Top Customer Reviews
It's too bad that describing a great book often involves plot points, because the shock of discovery is part of what makes this novel so just incredibly fun to read. So, and since part of what the story is about is the beauty and power of a well-crafted sentence, I'll just offer a couple of examples of the latter:
"It made me kind of mad that the museum was named after a grimy drunk dude who called a girl 'baby,' but I figured lots of museum were named for part-time losers."
"Embarrassed, I understood on that stage, was just another way of saying I felt alone."
"F*** a book. Ain't no one reading no books in 2013 unless you already a star or talking about some damn vampires and wolfmen."
(I've bowdlerized that last quote lest Amazon remove it for violating some rule about appropriate language in reviews or something; Laymon isn't such a prude, and his characters speak like real people.)
There is so much going on in this novel. It's funny and it will make you cry, it's a page-turner that will make you want to read it as slowly as possible just to savor it, it'specific and regional but also makes a legitimate claim to be a Great American Novel, it does metafiction and scifi, it's wise and honest, and I guarantee you'll want to read it more than once.
This is where I think the novel weakens. The book within a book thing can be a useful maneuver, but to take you through different eras in this artifice, the novel took a turn towards the simple and silly, rather than humorous and sensible. Cleverness becomes folly, intelligence becomes dumbness, and what could have been an absolute great novel becomes just average.
City is able to travel through time from 2013 to 1985 and 1964. This is all done through a door in the woods near his grandmother's home in Melahatchie, MS. He isn't actually doing the time travel, but is reading about it, in a book called "Long Division." In that book, he finds a character who narrates the publication and has the same name as him, City.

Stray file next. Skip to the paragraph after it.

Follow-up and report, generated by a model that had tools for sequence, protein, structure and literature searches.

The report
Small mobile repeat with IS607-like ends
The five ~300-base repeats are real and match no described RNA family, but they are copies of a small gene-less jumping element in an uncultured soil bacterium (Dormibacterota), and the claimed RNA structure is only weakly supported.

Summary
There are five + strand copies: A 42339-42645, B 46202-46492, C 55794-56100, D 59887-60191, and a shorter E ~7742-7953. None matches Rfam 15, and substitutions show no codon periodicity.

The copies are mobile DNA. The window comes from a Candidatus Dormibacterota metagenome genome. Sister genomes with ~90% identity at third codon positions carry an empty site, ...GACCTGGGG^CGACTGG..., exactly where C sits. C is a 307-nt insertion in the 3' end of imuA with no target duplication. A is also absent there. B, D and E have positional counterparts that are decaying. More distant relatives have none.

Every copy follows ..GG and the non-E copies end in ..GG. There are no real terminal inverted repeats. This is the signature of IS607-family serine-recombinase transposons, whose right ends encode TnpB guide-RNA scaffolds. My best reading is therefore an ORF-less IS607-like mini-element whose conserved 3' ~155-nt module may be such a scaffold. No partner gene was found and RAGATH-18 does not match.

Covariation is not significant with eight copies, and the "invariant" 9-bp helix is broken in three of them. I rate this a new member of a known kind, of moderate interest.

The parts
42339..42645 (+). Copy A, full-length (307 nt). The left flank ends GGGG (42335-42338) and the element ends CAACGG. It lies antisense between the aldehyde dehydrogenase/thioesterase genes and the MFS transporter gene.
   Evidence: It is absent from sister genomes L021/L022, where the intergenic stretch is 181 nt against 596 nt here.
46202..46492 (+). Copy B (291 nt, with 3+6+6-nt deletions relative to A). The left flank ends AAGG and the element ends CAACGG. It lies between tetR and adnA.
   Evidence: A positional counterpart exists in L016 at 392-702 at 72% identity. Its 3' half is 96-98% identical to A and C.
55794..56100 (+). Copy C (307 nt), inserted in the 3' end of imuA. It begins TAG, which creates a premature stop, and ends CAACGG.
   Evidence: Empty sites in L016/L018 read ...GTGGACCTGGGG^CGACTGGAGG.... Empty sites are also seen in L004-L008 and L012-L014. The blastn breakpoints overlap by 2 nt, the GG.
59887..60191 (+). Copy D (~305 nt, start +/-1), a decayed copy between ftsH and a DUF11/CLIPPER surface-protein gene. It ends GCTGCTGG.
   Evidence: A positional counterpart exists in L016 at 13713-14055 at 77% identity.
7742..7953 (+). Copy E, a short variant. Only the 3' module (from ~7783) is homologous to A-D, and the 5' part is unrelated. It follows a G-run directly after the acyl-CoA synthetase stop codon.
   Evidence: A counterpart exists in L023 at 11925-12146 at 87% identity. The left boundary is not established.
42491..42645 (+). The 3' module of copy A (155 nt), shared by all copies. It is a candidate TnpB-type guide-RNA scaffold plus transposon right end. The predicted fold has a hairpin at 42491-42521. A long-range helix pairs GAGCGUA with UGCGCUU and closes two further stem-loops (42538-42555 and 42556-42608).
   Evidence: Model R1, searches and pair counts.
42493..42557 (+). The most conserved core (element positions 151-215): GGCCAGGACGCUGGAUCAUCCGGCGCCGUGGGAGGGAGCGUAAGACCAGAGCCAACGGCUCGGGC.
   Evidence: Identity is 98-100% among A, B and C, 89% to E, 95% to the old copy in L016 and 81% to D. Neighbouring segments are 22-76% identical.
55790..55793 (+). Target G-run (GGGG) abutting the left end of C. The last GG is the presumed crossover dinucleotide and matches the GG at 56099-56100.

The publication is given to City, by a school official and their is no author of this book. As he begins to read the unauthored "Long Division" he recognizes names including his own, and one of his fellow peers who is currently missing. How does this all fit into what City is going through presently? Definitely some interesting moments. The novel by Mr. Laymon takes you on a sometimes exciting ride, but oftentimes an incongruous one. I would go 3.5 stars because I think the writing is mostly smart, humorous and engaging. But, since that is not an option, I must fall back to 3.
I'm so excited for the rest of the world to discover "Long Division" and the man behind it, Kiese Laymon. It's about time.
Most Recent Customer Reviews
Long Division is an important book because it gives voice to experiences that are often unheard. It did me good to experience a narrative that was so very different from my own... Read morePublished 2 months ago by E. A. Boyter
Time travel meets race relations in this novel. The characters are real, nuanced, and engaging, and the writing style is personable and accessible. Read morePublished 2 months ago by Alexandra Helms
READ THIS. My professor in college wrote it and it became one of my favorite books of all time. It is a masterfully written story.Published 3 months ago by Izzy
Sometimes you can read a book just for fun and it surprises you in a big way. I read this with a smile on my face the whole time. Read morePublished 5 months ago by RexCarey
This book was okay to me. It was an interesting idea for a subject but I found it confusing. I couldn't keep up with which decade we were visiting at times. Read morePublished 6 months ago by Tracy Rembert
Incredible writing. Demonstrates how we live in all times at once. Wonderful time traveling story with young African American protagonists. Read morePublished 6 months ago by Raquel L. Monroe
This is one of the best Young Adult books out there at the moment.Published 7 months ago by zohar eviater